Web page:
One of the most misunderstood provisions in the California Probate Code is contained in California Probate Code Section 17206. This powerful provision essentially grants the Probate Court the power to issue any necessary or proper order to effectuate the orderly and proper administration of the Trust.
California Probate Code Section 17206 provides:
The court in its discretion may make any orders and take any other action necessary or proper to dispose of the matters presented by the petition, including appointment of a temporary trustee to administer the trust in whole or in part.
[California Probate Code Section 17206].
That seems simple enough, so why am I saying that it is often misunderstood?
Basically, many courts and lawyers alike believe that for any substantial relief to occur in the context of a trust that is in the middle of being litigated, a petition must be brought. A trust petition is a lengthy process, and hearing for such (which is actually an actual trial) is typically scheduled to occur at least a year after filing. Pretty much all trust litigation indeed starts with a trust petition brought under California Probate Code Section 17200. But contrary to what many think, that does not mean that nothing can be done about the many ills that may afflict a trust (misbehaving trustees, lack of information, etc.) in the meantime. Instead, Probate Code Section 17206, as amplified in the seminal case of Schwartz v. Labow [(2008) 164 Cal. App. 4th 417, 427 (citing Cal. Probate Code Section 17206 and holding that the Probate Court has the power to decide all incidental issues of trust administration)] and its progeny, give the Probate Court broad powers to issue orders before trial in order to ensure that the trust does not come to harm. A Probate Code Section 17206 Motion is something akin to a Motion for Preliminary Injunction, but is actually far more powerful. Preliminary Injunctions in most cases can only be used to maintain the status quo and prohibit specific wrongful conduct. A Probate Code Section 17206 Motion can, and usually does, change the status quo and allows the Court to use its inherent equitable powers to do ensure proper administration of the trust before trial.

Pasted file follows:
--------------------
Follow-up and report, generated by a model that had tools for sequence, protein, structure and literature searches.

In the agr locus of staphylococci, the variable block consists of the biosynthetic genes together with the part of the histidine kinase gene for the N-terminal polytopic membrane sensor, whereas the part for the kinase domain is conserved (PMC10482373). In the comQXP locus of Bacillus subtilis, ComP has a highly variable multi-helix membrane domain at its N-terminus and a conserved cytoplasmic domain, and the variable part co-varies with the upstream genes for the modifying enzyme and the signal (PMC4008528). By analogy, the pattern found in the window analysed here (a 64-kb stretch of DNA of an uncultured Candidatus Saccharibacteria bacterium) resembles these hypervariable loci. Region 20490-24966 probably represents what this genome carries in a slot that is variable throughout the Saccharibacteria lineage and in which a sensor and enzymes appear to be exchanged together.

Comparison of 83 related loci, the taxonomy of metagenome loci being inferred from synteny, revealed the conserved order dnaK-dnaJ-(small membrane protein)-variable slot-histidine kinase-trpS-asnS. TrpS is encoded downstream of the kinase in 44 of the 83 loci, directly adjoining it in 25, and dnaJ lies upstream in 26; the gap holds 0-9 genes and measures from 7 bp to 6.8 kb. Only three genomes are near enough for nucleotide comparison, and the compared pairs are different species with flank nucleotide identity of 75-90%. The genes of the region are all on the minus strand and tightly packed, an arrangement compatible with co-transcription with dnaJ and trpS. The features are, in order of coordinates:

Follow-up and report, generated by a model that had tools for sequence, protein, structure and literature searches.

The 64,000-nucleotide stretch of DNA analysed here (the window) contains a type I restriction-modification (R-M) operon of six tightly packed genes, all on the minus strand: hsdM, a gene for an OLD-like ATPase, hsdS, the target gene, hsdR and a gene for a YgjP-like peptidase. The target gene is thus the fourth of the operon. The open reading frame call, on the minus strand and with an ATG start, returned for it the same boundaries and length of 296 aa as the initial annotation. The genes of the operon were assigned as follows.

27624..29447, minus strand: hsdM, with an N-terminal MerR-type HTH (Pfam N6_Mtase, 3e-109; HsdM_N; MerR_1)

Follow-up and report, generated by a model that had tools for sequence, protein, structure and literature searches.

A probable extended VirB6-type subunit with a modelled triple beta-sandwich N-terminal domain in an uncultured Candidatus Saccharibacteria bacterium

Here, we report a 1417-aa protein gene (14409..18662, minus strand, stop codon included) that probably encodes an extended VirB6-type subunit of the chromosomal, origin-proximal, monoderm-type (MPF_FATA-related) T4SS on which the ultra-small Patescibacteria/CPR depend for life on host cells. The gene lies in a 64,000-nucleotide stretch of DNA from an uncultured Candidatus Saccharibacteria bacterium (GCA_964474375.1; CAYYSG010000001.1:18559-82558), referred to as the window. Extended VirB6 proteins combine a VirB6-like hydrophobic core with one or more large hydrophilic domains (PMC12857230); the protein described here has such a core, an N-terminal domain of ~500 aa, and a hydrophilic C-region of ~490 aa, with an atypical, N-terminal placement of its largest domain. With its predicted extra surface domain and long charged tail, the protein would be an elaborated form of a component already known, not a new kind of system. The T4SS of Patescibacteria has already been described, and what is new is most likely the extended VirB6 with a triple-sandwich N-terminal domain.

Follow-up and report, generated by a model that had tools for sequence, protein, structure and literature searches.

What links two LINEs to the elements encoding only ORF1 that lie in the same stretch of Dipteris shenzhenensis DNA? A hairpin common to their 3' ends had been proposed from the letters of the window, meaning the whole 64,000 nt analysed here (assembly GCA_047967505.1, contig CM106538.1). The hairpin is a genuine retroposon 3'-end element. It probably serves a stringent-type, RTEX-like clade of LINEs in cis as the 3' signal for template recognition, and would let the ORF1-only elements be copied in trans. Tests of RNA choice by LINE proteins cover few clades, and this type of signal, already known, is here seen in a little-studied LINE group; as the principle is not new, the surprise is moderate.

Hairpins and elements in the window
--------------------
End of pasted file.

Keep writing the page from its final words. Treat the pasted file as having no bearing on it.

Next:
Unfortunately, this power is often misunderstood by courts. Not atypically, there may be a misbehaving trustee who objectively should be suspended and replaced, at least until trial. After all, the mischief that a really rogue trustee can commit is vast, and the trial date may be far off. If the evidence for such misbehavior is reasonably conclusive, the Petitioner can bring a motion under Probate Code Section 17206 to ask the Court to suspend the trustee and replace him or her with someone appropriate, such as another person named in succession as trustee, or by a licensed professional fiduciary, a kind of professional trustee. Unfortunately, many courts seem to not understand that they have the power (and under some circumstances the obligation) to act on such motions. In a few instances our Firm has brought absolutely appropriate noticed motions under Probate Code 17206, only to have the Court state words to the effect that this necessitates a Petition, not a motion, and so forth. One Court baldly stated that “…in this County we do everything by Petition when it comes to trusts…”. (This allowed a flagrantly misbehaving trustee to remain in office and remain in possession of seven figure assets for years before we successfully finally got her removed). In another case a Court simply converted a Probate Code Section 17206 Motion to Suspend Trustee into a Petition. Given that there was already a Petition on file for such purpose and that the Motion was brought within that same Petition under Probate Code Section 17206, this was completely unhelpful, to put it mildly.
Not all courts are unwilling to utilize Probate Code Section 17206 as the Legislature intended. Our Firm has repeatedly had success in utilizing it to curb problems in trust administration. If you are experiencing problems with a trust, we invite you to contact Buffington Law Firm for a Free Legal Consultation. All consultations are with an experienced trust litigation attorney and are protected by the attorney-client privilege.